This talk will present an algorithm that emulates atomic read/write shared objects in a dynamic network setting. We call it RAMBO: Reconfigurable Atomic Memory for Basic Objects.
To ensure that the data is highly available and long-lived, each object is replicated at several network locations. To ensure atomicity, reads and writes are performed using "quorum configurations", each of which consists of a set of members plus sets of read-quorums and write-quorums. The algorithm is reconfigurable: the quorum configuration is allowed to change during computation, and such changes do not cause violations of atomicity. Any quorum configuration may be installed at any time---no intersection requirement is imposed on the sets of members or on the quorums of distinct configurations. The algorithm tolerates processor and link failures.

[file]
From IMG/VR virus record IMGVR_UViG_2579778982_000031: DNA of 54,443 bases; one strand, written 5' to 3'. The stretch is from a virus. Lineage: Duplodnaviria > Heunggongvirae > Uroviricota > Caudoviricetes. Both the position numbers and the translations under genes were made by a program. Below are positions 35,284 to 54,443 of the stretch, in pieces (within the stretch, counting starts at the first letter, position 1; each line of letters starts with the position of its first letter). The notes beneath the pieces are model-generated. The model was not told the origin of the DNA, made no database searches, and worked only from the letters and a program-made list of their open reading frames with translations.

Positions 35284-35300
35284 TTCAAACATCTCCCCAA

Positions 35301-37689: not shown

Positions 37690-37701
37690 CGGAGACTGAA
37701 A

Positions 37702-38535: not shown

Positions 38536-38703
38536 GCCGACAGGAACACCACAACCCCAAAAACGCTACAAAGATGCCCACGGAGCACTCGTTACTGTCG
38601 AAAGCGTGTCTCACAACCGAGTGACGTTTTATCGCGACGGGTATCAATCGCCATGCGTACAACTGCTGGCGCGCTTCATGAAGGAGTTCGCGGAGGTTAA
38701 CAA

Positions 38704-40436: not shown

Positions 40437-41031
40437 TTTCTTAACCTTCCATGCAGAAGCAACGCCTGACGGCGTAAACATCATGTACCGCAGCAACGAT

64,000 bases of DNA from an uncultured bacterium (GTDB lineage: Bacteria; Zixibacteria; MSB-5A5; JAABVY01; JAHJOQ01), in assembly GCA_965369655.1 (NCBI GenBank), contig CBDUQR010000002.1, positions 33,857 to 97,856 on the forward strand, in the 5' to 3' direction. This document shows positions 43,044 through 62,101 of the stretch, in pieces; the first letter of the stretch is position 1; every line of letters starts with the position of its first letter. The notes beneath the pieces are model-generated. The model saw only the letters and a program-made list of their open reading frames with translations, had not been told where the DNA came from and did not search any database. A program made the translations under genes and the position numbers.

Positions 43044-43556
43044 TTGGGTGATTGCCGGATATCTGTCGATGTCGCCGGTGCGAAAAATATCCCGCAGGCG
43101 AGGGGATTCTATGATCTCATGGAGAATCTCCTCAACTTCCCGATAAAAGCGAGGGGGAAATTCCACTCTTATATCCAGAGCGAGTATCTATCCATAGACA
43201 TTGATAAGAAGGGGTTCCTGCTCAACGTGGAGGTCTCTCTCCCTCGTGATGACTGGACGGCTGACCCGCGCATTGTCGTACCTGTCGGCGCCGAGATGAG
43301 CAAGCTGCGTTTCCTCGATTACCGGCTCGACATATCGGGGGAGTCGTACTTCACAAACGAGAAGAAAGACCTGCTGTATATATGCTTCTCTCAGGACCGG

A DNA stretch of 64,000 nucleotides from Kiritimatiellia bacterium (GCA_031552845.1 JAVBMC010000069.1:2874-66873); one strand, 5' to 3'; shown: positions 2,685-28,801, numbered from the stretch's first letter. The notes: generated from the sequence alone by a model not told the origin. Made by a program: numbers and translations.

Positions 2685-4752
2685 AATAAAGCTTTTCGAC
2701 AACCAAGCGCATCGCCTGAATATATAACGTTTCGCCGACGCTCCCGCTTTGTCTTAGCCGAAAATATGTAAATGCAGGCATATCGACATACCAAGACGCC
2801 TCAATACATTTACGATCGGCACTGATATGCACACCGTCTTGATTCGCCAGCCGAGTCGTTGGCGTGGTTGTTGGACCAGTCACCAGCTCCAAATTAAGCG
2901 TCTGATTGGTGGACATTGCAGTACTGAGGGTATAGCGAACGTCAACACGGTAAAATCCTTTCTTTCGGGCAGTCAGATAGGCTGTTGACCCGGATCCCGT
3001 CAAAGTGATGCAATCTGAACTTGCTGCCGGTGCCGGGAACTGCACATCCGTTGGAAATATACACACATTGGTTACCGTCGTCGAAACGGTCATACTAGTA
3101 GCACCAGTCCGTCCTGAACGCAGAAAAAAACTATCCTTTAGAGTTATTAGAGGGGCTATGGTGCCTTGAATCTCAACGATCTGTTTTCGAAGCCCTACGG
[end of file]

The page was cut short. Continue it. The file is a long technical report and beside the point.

The algorithm performs three major activities, all concurrently: (1) reading and writing the objects, (2) choosing new configurations and notifying members, and (3) identifying and removing ("garbage-collecting") obsolete configurations. The algorithm is composed of two sub-algorithms: a main algorithm, which handles reading, writing, and garbage-collection, and a reconfiguration algorithm, which handles the selection and dissemination of new configurations.
The main safety property, atomicity, holds for arbitrary patterns of
asynchrony. Performance properties depend on particular failure and timing
assumptions. In particular, if participants gossip periodically in the
background, if garbage-collection is scheduled periodically, if reconfiguration
is not requested too frequently, and if quorums of active configurations do not
fail, then read and write operations complete within time that is proportional
to the maximum message latency.
Joint work with Alex Shvartsman